June 11, 2009

Some Summertime Hydration Tips

It’s summer and that means that it’s critical to your game that you make a conscious effort to keep your body hydrated. Your scores, and your health depend on it!

Studies have proven that a loss of two or more percent of one's body weight due to sweating is linked to a drop in blood volume. That’s not very much, if you think about it. When you lose that much water, your blood thickens, and you heart has to work harder to move blood through your bloodstream. It can cause muscle cramps, dizziness and fatigue and even heat stroke or in extreme cases, death. That doesn’t sound too good for your golf game, not to mention your overall general health.
But How At Risk Are You?

Two percent of your weight is not a lot, especially over the course of a four (or five!) hour round on a hot summer day. Some simple math shows us as much: given that two pounds per hundred that you weigh is two percent. For a 185 pound man, that’s a mere 3.7 pounds, and for all intents and purposes the entire weight loss in a round of golf is sweat.

Sweat, for the most part, is water, plus some electrolytes, but for the purposes of this rough calculation, we’ll treat it as though it were pure water. That means, again, roughly speaking, that a gallon of sweat weighs about 8.3 pounds. So, two percent of sweat in the 185 pound fellow in our example is 1.8 pints – not very much at all.

So losing that two percent is easier than we might think, even if you’re not a heavy sweater. While studies show that women sweat less than men, generally speaking, again, two percent on a hot summer day pretty much anywhere is fairly common.

That in mind, it’s a good idea for both you and your golf game to prepare for the heat beforehand and also to mitigate your thirst during your round in order to maintain your energy and hydration levels.

Here are some do’s and don’ts that sports medicine practitioners have developed:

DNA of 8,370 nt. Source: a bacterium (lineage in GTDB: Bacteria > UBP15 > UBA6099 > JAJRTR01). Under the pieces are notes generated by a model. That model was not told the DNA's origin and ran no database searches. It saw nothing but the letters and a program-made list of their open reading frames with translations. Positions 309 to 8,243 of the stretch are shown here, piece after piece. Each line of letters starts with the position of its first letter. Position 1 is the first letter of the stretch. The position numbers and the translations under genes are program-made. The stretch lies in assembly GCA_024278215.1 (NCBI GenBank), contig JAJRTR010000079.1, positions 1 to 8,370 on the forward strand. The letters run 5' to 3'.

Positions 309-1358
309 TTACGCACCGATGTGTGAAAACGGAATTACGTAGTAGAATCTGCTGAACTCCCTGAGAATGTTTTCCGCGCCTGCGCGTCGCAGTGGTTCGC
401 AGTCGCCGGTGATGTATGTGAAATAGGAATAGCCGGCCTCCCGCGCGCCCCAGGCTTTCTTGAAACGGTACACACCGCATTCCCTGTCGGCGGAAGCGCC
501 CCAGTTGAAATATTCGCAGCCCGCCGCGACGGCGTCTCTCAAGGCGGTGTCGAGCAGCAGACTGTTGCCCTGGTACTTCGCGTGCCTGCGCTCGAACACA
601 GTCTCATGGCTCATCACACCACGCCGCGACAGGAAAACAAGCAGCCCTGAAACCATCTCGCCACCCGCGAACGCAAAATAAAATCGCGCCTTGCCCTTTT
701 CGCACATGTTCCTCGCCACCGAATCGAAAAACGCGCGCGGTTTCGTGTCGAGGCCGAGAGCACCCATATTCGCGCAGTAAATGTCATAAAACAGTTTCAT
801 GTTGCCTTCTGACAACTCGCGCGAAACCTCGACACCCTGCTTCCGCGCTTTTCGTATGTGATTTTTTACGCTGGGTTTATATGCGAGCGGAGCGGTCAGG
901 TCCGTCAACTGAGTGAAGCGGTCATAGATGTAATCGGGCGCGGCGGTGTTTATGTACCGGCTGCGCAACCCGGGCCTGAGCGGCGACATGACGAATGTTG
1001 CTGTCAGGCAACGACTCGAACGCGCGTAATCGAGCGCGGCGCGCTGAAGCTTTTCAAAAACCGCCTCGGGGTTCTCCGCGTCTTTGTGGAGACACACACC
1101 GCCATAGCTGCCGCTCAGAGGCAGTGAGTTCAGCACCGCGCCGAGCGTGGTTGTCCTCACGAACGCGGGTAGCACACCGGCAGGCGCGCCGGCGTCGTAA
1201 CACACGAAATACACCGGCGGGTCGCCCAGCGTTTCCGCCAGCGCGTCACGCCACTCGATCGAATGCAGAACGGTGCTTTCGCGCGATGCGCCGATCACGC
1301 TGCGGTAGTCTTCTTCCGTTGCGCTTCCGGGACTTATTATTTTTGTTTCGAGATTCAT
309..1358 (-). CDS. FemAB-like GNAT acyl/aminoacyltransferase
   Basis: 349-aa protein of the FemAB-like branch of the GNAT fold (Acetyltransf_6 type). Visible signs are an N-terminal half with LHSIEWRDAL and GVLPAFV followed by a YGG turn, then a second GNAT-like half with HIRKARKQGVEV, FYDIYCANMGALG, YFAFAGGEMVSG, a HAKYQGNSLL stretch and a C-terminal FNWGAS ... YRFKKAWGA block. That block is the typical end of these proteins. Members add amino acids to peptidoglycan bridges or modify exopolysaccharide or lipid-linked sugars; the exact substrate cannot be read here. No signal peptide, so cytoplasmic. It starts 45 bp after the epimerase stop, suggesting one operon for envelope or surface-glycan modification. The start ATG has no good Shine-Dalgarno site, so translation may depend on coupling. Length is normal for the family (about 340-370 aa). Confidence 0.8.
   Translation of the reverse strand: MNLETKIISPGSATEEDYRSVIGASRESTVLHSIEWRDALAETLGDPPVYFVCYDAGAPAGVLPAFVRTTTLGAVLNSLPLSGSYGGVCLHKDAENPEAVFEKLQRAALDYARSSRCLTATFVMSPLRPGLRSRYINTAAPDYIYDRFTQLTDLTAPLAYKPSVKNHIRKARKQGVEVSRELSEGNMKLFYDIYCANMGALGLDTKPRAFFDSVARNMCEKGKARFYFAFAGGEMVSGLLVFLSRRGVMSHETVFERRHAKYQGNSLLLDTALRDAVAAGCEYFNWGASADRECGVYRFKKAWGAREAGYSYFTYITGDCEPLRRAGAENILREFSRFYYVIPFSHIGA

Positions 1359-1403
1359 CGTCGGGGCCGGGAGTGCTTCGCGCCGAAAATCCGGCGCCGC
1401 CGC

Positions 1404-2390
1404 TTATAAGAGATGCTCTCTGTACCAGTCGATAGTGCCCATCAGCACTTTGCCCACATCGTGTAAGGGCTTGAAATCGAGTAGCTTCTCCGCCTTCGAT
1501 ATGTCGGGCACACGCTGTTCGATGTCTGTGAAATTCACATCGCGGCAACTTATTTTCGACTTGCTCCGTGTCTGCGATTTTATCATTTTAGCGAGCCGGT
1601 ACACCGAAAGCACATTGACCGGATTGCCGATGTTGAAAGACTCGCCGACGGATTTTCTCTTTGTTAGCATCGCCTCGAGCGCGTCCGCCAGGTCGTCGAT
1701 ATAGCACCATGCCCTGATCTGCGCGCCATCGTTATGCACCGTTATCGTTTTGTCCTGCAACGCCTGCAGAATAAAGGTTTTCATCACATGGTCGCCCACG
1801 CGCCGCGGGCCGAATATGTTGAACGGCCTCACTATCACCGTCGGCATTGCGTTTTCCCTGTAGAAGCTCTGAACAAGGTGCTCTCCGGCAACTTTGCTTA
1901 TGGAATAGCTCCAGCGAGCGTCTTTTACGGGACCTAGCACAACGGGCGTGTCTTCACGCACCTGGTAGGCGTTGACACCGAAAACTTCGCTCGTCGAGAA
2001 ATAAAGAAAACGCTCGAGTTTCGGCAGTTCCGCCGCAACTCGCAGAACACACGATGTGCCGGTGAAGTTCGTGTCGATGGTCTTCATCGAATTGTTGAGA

1. Drink Water Before, During and After for peak performance and safety
  2. Don't Drink Caffeine Drinks, they make dehydration worse
  3. Don’t Drink Alcoholic Drinks, They Make Things Worse
  4. Consider Sports Drinks-they provide hydration and some needed carbohydrates
  5. Don’t Bother With Electrolyte-Plus Drinks, you probably don't need them golfing

Water is your best friend on the golf course on a hot day if you are serious about your score and your health. According to the American College of Sports Medicine, “ a pre-hydration program will help ensure that any previously incurred fluid-electrolyte deficit is corrected
prior to initiating the exercise task. When hydrating prior to exercise the individual should
slowly drink beverages (for example, ~5–7 mL per Kilogram of body weight) at least 4 hours before the exercise task.”

In other words, drink a reasonable amount of water well before you play in order to ensure that your body hits the first tee already hydrated. Starting with a deficit, it is likely that you’ll never catch up.

Caffeine is a vasoconstrictor and a diuretic, meaning that it constricts your blood vessels (making your heart work harder) and also as a diuretic, meaning it stimulates your body to reduce the water it contains. That’s a double whammy of going in the wrong direction. (see: http://www.medicinenet.com/caffeine/page3.htm)

Alcohol has the same diuretic effects as caffeine, meaning it works against your hydration, and causes you to lose more hydration than you gain. Save drinking until the 19th hole.

Sports drinks can be helpful to golfers for two reasons: while golf is hardly as intense as aerobic exercise or competition, a round does generally last a lot longer than a typical workout or game. A five-hour round on a busy course in the summer is not at all unusual and that’s quite a long time to be out in the heat. That’s why a sports drink like Gatorade is good, because it supplies 60 to 100 calories per 8 ounces, and that helps to supply the needed calories required for maintaining your concentration, which in turn leads to smoother and better golf swings.

It's really not necessary to replace losses of sodium, potassium and other electrolytes during exercise since you're unlikely to deplete your body's stores of these minerals during a normal round, but just in case, most sports drinks pack those in too, and any excess will be combed out of your system by your kidneys and eliminated through your urinary system.

sources: American College of Sports Medicine, the Centers for Disease Control, WebMD.com, about.com

No comments:

Post a Comment

Have something to say? We'd love to hear it.